In a meeting Thursday with a coalition of students and campus workers, Stanford University President Marc Tessier-Lavigne declined to officially declare the university a "sanctuary campus," according to a campus spokesman.
Members of the student group Stanford Sanctuary Now, who also go by SSN, met with Tessier-Lavigne in his office to urge the university to not share student and staff citizenship information with U.S. Immigration and Customs Enforcement and the FBI and to declare the school a "sanctuary campus."
According to university spokesman E.J. Miranda, Tessier-Lavigne explained to the group that the term sanctuary is not well-defined, and that it could be detrimental to students and employees to use such a label, putting them at risk of federal sanctions.
Additionally, Miranda said that Tessier-Lavigne noted that none of Stanford's peer institutions had declared themselves sanctuary campuses.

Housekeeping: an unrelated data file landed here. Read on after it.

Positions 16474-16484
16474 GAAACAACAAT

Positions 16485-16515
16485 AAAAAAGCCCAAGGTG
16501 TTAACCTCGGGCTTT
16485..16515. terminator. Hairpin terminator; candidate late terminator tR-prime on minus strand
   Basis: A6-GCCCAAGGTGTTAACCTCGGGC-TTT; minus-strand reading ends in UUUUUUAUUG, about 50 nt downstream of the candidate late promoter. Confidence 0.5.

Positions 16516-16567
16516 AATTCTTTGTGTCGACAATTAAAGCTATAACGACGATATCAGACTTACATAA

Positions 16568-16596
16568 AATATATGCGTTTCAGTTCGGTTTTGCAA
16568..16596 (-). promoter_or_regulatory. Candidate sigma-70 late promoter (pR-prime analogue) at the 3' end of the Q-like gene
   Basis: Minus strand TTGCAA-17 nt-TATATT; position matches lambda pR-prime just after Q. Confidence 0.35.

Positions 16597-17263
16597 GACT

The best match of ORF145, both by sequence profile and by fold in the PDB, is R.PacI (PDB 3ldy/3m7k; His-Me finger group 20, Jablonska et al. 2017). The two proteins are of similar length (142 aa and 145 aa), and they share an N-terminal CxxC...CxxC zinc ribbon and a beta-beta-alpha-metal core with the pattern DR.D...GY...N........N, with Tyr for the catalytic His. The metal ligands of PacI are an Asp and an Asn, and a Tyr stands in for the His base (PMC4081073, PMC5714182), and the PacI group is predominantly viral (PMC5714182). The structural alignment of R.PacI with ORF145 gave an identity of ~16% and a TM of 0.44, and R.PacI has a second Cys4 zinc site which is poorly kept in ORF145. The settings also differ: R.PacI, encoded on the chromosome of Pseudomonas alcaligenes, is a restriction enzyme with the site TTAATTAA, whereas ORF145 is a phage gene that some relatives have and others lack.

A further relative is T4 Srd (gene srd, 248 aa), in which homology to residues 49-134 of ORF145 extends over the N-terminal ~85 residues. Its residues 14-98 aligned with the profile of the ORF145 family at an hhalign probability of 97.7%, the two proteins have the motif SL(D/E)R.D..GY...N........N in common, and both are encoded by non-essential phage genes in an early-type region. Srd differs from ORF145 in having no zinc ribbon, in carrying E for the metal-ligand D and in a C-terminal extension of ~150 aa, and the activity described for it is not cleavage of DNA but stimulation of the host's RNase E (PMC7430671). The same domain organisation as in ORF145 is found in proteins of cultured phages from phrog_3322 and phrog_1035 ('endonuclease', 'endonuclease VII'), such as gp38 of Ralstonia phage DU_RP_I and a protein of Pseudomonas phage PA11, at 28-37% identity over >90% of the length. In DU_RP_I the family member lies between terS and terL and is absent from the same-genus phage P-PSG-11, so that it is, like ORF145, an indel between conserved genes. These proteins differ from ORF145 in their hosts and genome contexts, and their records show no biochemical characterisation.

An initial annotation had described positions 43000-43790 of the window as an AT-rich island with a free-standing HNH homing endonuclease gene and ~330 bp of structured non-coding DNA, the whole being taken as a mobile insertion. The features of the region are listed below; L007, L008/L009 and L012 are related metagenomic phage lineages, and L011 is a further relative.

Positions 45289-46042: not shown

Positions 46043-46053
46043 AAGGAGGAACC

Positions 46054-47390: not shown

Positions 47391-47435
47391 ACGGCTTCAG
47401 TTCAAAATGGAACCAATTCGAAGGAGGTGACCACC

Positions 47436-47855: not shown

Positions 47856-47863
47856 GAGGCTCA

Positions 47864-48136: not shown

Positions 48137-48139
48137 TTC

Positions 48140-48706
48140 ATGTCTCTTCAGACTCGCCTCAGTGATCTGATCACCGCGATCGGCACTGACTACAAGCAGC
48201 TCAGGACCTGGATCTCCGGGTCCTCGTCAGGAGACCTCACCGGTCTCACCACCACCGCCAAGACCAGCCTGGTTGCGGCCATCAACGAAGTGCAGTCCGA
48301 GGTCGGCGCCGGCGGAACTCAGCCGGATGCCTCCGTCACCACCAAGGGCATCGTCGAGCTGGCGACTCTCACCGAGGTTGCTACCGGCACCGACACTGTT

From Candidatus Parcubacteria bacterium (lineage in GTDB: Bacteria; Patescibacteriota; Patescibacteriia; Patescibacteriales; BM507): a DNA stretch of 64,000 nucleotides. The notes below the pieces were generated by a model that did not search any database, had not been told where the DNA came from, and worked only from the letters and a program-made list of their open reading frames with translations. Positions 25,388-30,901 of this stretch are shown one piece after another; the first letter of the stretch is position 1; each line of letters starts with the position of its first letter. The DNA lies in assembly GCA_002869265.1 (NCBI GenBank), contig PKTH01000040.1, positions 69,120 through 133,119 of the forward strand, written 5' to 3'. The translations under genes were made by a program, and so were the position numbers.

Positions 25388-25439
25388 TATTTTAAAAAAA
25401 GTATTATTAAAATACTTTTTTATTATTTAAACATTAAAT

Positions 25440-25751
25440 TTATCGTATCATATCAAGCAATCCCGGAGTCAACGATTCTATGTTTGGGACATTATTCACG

The term "sanctuary campus" is modeled after sanctuary city, which is any municipality that has adopted policies to protect undocumented immigrants.
Miranda said that Stanford is deeply concerned about the potential impact to individual members of the community, and to the academic mission of the university amidst the possibility of immigration restrictions under President Trump's ban on travel from seven predominantly Muslim countries.
SSN member Emma Hartung said that while she was happy with Tessier-Lavigne for reaffirming shared values, she was really hoping for more concrete actions.
"Essentially, I think the president didn't express willingness to commit to specific further action, and we're really pushing for the university to be a leader in the campus movement to adopt sanctuary and extend that to students and anyone employed," Hartung said.
Frankie Preciado, executive director of SEIU Local 2007 said that he supports the efforts from SSN, and that a sanctuary campus is a priority for his union.
"We are committed to supporting workers and their families in the struggle for social justice, irrespective of immigration status," Preciado said.
University officials said Stanford would continue to actively engage in addressing questions and providing resources to the community.